That’s partly because I buy so many that it seems like a lot of work. But mainly it’s because I always assumed the discount gift card sites are trustworthy — and they are. But the people who sell the GCs to those sites? Well, I should’ve been skeptical.
Which is what went through my mind on date night. Specifically, when the waiter told us that our $100 gift card had a $0 balance.
I was pretty sure we hadn’t used the GC before, but I checked the transaction history just to be safe. Turns out there was a single transaction: a $100 transfer off the card. Coincidentally, it took place a few days after I purchased it.
I’m guessing the seller was waiting til the buyer received the card and checked the balance. Then sneakily got the value transferred away from the card, presumably to a different GC.
I figured it wouldn’t be a big deal. I just needed to contact the site I used for the purchase. But when I did, I discovered the guarantee was only 45 days. By the time I contacted them, it’d been more than two months.
Customer service told me that they were unable to retrieve the payment. Thus they couldn’t return my money.
Let me be clear: I don’t blame the site.
The time limit on the guarantee is prominently displayed on the site and, I’m pretty sure, in a note with the actual gift card. So this was on me. I shouldn’t have put blind faith in the process, especially since it relies on people playing by the rules. And there are always a few bad apples. Or gift cards, in this case.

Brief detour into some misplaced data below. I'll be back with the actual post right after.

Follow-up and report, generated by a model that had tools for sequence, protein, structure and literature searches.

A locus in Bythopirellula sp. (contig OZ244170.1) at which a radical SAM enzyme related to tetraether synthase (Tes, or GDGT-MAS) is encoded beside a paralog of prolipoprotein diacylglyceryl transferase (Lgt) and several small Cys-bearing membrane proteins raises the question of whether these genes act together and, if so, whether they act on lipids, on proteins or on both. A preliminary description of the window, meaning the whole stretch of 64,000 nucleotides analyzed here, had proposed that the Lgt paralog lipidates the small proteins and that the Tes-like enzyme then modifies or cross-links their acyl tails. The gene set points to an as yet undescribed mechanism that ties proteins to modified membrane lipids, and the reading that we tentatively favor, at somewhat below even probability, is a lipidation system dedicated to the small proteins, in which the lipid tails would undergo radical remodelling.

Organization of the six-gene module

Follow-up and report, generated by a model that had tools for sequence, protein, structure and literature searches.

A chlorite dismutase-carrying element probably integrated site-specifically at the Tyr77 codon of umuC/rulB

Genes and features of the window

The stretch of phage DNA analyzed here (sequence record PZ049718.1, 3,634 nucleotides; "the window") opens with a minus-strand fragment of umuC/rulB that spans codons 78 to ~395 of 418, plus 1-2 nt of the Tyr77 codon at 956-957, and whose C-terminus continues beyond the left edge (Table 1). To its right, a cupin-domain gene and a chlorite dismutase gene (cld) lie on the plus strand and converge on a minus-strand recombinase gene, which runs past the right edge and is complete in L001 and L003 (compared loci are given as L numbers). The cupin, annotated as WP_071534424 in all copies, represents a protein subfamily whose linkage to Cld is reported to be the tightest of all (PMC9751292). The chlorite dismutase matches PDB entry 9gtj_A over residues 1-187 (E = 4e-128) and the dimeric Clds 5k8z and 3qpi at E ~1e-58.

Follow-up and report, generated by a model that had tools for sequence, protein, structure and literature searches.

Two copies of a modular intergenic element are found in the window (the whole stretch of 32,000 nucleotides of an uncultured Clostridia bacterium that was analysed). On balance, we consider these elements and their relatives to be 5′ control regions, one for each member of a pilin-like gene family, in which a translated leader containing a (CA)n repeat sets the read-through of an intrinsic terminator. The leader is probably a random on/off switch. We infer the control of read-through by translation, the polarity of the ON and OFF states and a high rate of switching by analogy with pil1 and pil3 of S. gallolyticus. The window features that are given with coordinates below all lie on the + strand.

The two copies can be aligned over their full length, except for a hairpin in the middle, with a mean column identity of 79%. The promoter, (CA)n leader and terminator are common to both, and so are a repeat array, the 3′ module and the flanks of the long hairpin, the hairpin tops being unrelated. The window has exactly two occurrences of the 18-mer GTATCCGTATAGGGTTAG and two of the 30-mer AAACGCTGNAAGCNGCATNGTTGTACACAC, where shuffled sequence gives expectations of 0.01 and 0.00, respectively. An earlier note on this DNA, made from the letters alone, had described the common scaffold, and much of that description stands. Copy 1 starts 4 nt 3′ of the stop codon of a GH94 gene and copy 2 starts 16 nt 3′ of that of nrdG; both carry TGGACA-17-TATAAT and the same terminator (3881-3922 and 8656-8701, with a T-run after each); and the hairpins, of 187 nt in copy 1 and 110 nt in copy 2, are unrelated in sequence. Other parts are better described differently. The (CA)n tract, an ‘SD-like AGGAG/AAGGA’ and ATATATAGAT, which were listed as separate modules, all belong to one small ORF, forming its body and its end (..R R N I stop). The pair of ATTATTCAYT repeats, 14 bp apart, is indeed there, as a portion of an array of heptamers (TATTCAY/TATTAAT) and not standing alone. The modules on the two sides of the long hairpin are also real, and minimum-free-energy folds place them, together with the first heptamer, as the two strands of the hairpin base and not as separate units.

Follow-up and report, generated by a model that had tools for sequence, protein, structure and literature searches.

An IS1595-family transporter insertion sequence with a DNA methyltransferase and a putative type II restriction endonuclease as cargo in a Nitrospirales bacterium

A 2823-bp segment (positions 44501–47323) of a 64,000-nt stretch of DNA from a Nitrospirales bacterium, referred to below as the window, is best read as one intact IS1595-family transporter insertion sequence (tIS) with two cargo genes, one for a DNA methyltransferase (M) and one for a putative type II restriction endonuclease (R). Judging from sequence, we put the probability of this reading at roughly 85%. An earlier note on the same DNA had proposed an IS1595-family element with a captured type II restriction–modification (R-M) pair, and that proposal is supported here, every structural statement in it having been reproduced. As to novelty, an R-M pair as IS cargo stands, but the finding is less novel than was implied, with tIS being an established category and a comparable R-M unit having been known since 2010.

So yeah, this was my fault — monetarily, anyway. In the grand scheme of things, it’s the fault of the asshat who cheated. But I didn’t act responsibly, which means the problem was ultimately of my own making.
Disheartened at losing $70.50, I decided to go into customer service speak in the hopes of getting a courtesy exception. Customer service speak means:
- Accepting culpability for not reading the fine (or in this case not-so-fine) print
- Asking for a courtesy exception, but
- Acknowledging that they absolutely don’t have to give it to you
- Point to your history with/enthusiasm for the company (preferably that you recommend it to tons of people)
- And most importantly, never, ever, ever saying you’re “entitled” to anything
In this case I got very lucky, probably because we’ve done a ton of business with the site in the past 14 months. Thanks to the donut hole, we’ve spent $1,200 alone on (15% off!) CVS gift cards.* We’ve purchased a lot of other GCs too: pet stores, fast food, Netflix, Walgreens, etc.
In other words, it was a good bet that the site would more than make its money back. Not everyone will be so lucky, so take heed of my tale of (almost) woe and check every discount GC you buy.
Have you ever been burned by a discounted gift card?
*In four months. Stupid coverage gap.